Secondary relationships are everything else. Friends, co-workers, colleagues, neighbours. With these, the duty is still there, but is not as strong. In a secondary relationship, you are bound to help when help is needed, but only so far as it does not interfere with other important things in life, with your duties to your family, say, or to work or school.
I don't have any primary relationships. My mother is dead, my father has been out of my life for decades; I'm an only child and so was my father, so there were no aunts, uncles or cousins. My mother was estranged from her family and I've never heard from any of them. Until I went back to England in 2008, I had not heard from my mother's foster family in Manchester since I was six.
I have been aware of this relationship hierarchy since I left home and was confronted with the reality of having no one in the world to really rely upon. It's a hard lesson to learn when you're a teenager, but at least in my case it was swift.
When I was fifteen, I took a bus from the arctic where I had been living with my mother and stepfather, back to Victoria. My father picked me up at the bus station. I stayed with him a week and then he told me we had an appointment with the family court. We went into a court room and my father told the judge that he didn't want to care for me and that I should be made a ward of the court. The papers were signed and I was taken from there to the first of a series of foster homes. I was a ward of the state until I was 19, then a social worker told me I had to get a job. I never heard from my father again.
I can imagine what you are thinking, having read this, and I'm right there with you (I can also hear a few of you saying, "It answers so many questions..."). But you might be surprised to hear that it did not occur to me until I was in my 30s that anything untoward had happened. It wasn't until I told it to a priest, who had been trained in psychology, and saw his reaction that I started to understand how appalling it was. At the time, I just accepted it and got on with surviving, which might have had something to do with my already well-developed familiarity with my father's character.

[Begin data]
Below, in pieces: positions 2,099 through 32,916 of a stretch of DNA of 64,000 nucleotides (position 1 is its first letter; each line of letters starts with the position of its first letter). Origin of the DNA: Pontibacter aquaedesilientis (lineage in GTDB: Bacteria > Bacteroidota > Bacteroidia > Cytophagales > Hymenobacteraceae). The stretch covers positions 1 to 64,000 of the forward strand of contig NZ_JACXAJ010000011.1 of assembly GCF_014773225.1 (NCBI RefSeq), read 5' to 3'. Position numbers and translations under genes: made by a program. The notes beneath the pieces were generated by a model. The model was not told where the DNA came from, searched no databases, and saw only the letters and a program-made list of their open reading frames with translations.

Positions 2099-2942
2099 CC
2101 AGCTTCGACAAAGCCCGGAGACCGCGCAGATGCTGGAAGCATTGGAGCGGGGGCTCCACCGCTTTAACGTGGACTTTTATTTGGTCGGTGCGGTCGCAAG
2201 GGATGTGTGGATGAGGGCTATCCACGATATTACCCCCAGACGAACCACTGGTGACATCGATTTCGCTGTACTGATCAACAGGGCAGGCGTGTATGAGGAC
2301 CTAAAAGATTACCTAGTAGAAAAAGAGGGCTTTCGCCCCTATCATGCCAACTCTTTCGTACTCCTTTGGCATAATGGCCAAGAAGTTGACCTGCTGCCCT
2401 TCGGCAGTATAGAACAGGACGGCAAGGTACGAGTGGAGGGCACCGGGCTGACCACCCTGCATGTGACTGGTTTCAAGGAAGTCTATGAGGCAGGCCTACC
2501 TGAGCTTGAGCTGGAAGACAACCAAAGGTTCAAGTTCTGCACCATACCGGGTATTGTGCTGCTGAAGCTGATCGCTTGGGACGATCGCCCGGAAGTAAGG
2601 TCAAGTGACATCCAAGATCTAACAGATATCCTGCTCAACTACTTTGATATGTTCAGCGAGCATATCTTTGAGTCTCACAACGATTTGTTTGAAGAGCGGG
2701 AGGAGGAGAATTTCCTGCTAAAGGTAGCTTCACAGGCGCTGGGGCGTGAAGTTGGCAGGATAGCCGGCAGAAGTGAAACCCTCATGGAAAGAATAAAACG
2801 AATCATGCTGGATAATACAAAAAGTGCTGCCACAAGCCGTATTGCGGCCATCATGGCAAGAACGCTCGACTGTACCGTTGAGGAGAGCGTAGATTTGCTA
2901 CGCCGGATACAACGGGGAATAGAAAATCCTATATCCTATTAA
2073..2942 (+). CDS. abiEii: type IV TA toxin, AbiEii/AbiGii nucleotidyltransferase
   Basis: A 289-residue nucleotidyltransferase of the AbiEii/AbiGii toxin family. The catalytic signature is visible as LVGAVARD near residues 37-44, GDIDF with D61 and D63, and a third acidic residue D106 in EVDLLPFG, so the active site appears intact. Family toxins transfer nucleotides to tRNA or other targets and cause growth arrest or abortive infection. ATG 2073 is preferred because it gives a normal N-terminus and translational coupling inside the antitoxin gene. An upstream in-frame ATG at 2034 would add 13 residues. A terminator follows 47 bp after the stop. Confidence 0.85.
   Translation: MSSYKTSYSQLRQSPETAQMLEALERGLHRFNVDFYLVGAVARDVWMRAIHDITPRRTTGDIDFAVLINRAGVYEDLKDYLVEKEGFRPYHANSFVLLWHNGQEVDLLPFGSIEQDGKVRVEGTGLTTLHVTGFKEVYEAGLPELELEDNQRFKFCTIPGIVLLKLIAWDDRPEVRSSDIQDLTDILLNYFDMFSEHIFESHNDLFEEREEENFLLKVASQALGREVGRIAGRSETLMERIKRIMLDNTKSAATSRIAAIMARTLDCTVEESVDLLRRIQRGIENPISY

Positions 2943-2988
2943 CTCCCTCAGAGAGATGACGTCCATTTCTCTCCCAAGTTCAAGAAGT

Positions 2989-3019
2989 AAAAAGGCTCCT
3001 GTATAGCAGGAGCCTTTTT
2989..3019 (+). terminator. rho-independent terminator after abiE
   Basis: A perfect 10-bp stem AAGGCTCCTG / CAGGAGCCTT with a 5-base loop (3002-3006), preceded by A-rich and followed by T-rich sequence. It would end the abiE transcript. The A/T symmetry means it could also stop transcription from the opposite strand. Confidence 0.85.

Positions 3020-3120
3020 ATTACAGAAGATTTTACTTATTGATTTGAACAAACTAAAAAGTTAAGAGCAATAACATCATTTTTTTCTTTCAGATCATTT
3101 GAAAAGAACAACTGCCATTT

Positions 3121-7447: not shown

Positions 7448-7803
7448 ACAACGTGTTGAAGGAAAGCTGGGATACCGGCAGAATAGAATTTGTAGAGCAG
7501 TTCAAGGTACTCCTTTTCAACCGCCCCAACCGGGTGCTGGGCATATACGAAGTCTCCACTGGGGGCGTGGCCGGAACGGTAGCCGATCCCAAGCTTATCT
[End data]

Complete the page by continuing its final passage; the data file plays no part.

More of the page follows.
In the years since then, I have to admit that I have developed a set of emotional and psychological barriers to other people, that have shaped who I am and that would be very difficult to overcome. I can't assume that they are all bad, but there are ways in which they have hardened me.
All of which leads me back to the cancer crisis. This is really the first time that I've faced something with which I am actually not capable of dealing alone. This has, naturally, set up a kind of war between my ears. When the cancer thing started, my friends and helpers, co-workers and colleagues, readers and supporters, and a whole bunch of other people I've never met or heard of, all dove into the breach to help. Often without being asked. Despite this, my Evil Brain continues to insist that depending on another human being, particularly a group of humans, is at the very least, extremely unwise. It's a funny thing about habits of thought, as I'm sure any confessor will tell you, they powerfully resist the evidence of our senses.
I hardly know what to say at this stage. Everything I need to deal with this is in place. I suppose that my Evil Brain is more or less unkillable and I will continue to be "astounded" by people helping me. Maybe at some point, I'm going to give my friends the credit they deserve.
Until then, I hope y'all won't be offended by my surprise that you all are decent, kind, honourable and caring.
I'm really trying to be less of a jerk.